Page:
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Having stepped in to Mrs.
1B-'s early one Monday after
noon, I was surprised at seeing the
room in order and she neatly
was her waeh day. I ventured to
ask: "How do you get your wash
ing done so soon? I am suro von
have enough of it, judging from the
amount of clothes your family
wear." "Well 1 will tell you,"
said she, as she went into another
room and brought out her work
basket containing some old collare.
"Many years ago a friend gave me
a.recipe for a washing fluid which
I have been using ever since, and
I shall use it- until I find something
better to take its place." "What
is it?" I exclaimed, for I was
anxions to lease- that every-week
burden. The good woman gave
me the recipe which reads as fol
lows: "Take one pound of wash
ing-soda, two ounces of borax, one
cup of lime, six quarts of-soft water.
Pat over the fire and bring to a
boiling heat, then let it sett'e, and
bottle it. For washing use one
up to every five gallons of water
and as much' soap as you would
use in the ordinary 'way. Soak the
clothes over night in coldlwater."
"Now," said Mrs. B , "I al
ways soak the clothes the night be
fore. If you do not like to do this
on Sunday, you can sort the clothes
on Saturday; put the white clothes
in the tub (the fine ones on top)
and all you will have to do on Sun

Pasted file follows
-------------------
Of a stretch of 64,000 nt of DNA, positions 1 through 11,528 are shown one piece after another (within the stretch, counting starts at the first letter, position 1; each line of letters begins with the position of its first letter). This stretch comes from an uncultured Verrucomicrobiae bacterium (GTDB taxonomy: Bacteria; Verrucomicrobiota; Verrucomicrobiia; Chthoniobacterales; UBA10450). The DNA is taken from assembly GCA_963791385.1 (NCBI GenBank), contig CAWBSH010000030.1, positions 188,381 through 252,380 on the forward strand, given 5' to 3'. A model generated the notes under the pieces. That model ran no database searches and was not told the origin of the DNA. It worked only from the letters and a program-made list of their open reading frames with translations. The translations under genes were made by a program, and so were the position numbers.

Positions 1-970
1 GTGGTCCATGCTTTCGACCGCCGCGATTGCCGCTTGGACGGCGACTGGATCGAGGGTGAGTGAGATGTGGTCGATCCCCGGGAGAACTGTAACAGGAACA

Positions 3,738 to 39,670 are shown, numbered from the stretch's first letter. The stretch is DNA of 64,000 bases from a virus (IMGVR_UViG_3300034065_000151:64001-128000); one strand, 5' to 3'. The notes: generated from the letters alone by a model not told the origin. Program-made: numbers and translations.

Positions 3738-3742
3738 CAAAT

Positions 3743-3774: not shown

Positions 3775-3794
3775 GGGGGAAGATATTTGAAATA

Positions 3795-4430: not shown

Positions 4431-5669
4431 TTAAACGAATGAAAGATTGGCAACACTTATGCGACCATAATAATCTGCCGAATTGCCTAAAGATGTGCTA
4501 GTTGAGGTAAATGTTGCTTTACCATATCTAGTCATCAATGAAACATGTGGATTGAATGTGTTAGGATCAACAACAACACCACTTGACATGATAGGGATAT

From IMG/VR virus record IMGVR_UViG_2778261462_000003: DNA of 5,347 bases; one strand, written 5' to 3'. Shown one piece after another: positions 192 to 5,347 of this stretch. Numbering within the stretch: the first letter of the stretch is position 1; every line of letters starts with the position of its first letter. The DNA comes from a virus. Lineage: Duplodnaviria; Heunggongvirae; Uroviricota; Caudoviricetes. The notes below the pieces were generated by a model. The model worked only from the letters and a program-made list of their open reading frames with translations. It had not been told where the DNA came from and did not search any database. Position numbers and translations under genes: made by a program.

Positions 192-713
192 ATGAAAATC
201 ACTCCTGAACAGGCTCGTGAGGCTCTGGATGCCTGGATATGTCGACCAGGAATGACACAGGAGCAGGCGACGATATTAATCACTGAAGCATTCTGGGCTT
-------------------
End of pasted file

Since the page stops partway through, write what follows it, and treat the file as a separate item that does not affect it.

day evening is to pour enough
water to wet them. I remember
hearing a lady say she always put
her clothes to soak on Saturday
when she did her washing on Mon
day. I would rather not soak them
at all than do this, as I think they
would become rancid. If I want
to get the washing done early, the
bbh -first thing I do in the morning is
to put the clothes- through the
wvringer, then put the fine ones in
the kettle or boiler in cold water,
with the fluid and soap, and start
the fire. Let them boil about
* ifteen or twenty minutes, then
take them out and put in the coarse
clothes. While these are boiling,
rub out the fine ones just once,
applying soap when needed. I
always rinse nry clothes out twice,
and this is the way I have been
doing my washing for many years
and have not had cause to change."
-Ri'rai New Yrk)er.
HOW TObGREASE A WAGON
T he Coach Maker Mluga ne en
dorses the statemeont that few peo
pIe are aware that they do wagons
and carriages mnorc injury by greas
ing too plentifally than in any
other way. A well-made wheel will
endure constant wear from ten to
.twenty five years, if care is taken to
use the right kind and proper
amount of grease; but if this mat
ter is not attended to, it will be
used up in five or six years. Lard
should never be used on a wagon,
for it-will penetrate the hub, and
and workr its way out around the
tennons of the spoke, thus spoiling
the wheel. Tallow is the best
lubricator for wooden axeitrees, and
- castor oil for iron hubs, but many
of the patent axle greases are also
excellent, and have the merits of